Is my profile good enough?Answered
I am a junior at high school student in India and I'm planning to major in Economics at the top colleges in the US (Ivy leagues, Stanford, etc). Is my profile good enough and what improvements can I make?
SAT: 1550 (I'm planning to retake it)
SAT Subject Tests: Math II - 800, Chemistry - 760
Cambridge International IGCSE (10th Grade) - A*, A*, A*, A*, A, A (with A* being the highest grade: > 90 percent)
AP (I self learnt all of them, because my school doesn't offer any): Calc AB: 5, Calc BC: 4, Microeconomics: 4
TOEFL/IELTS (yet to take)
1) Leadership: Head Boy of my school - helped organise annual day, sports day and play an active role in the Student Council
2) Community Service: I tutor poor children from the slums in Math and English (5hrs per week)
3) Interest/Hobby: I have a blog about Economics where I give my opinion on current world issues and I have also submitted a research paper
4) Leadership/Volunteer: I'm the President of the Leo Club at school - I have organised many volunteering campaigns and have more than 200 hrs of volunteering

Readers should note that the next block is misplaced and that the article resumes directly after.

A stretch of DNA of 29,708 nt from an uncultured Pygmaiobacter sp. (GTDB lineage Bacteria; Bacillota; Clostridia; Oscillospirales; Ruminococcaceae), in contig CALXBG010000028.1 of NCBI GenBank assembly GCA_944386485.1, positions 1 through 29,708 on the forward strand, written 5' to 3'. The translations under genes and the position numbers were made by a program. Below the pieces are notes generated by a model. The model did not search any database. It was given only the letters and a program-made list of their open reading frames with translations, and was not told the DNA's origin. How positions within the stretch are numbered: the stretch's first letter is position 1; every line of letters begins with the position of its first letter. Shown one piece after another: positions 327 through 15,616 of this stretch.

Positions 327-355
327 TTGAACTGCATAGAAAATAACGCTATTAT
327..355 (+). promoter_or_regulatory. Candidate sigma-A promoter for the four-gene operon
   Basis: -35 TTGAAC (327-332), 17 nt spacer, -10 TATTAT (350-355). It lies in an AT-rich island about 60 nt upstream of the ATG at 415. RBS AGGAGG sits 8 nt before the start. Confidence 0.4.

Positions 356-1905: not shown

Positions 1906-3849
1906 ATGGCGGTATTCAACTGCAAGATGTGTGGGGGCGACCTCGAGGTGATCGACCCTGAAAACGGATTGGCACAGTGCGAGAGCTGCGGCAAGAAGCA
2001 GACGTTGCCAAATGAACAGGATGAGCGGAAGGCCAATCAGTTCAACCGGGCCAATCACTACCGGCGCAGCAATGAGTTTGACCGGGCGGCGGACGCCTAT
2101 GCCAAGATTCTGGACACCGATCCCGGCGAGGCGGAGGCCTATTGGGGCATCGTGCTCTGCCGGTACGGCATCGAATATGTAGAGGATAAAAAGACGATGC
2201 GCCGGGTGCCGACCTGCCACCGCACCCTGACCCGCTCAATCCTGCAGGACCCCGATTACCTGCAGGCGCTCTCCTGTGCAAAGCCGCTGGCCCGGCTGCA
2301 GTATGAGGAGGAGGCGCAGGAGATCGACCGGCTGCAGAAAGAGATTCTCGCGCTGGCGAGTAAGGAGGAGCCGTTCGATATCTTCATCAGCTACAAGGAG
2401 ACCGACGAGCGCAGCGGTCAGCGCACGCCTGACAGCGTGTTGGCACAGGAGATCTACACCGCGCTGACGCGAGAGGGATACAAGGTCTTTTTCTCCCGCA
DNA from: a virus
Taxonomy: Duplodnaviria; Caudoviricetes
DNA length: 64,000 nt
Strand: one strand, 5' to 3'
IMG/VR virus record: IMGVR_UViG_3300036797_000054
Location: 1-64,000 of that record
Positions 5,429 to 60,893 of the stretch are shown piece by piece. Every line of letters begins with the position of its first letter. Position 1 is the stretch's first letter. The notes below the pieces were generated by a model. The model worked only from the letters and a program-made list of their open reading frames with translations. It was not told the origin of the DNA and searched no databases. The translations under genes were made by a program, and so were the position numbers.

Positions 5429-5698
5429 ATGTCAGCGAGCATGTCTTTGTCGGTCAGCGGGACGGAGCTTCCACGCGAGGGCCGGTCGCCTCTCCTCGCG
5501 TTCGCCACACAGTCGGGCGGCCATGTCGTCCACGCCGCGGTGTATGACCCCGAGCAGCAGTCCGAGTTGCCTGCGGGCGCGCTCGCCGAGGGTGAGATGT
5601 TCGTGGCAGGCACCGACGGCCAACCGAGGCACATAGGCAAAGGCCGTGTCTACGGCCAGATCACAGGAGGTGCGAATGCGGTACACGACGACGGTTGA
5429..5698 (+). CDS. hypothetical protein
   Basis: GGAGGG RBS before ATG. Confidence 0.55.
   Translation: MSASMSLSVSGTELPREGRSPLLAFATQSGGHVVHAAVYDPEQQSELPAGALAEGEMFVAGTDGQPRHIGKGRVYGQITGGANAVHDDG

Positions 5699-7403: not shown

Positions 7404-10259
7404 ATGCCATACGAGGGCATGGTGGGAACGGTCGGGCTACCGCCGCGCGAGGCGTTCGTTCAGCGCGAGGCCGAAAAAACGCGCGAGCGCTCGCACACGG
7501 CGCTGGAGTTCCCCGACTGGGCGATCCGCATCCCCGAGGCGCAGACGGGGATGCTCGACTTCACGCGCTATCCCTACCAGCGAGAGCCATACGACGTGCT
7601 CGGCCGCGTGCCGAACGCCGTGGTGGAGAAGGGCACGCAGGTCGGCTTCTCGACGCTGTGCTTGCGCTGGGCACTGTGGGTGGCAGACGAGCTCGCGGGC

5) Music: I have an ABRSM Grade in the guitar and I'm also part of my school's guitar ensemble
6) Sports: I'm on my school's football (soccer) and cricket team. I have played both at regional level and have many awards in cricket.
7) Employment: I have secured a book keeping internship at a local NGO
8) Summer: I have been accepted into a College-level summer program, where I will visit the college and take college-level courses at an Indian university
9) Interest: Represented my school at a regional level STEM competition and also won an award for it. I was also the semi finalist of an international STEM scholarship program.
10) Initiative: I'm planning to start a club at school or create an NGO addressing key economic and global issues.
Bursaries and Scholarships in STEM
Gold Certificates in National Mathematical Olympiads
Cricket (Best bowler,etc)
Many other certificates and medals in different fields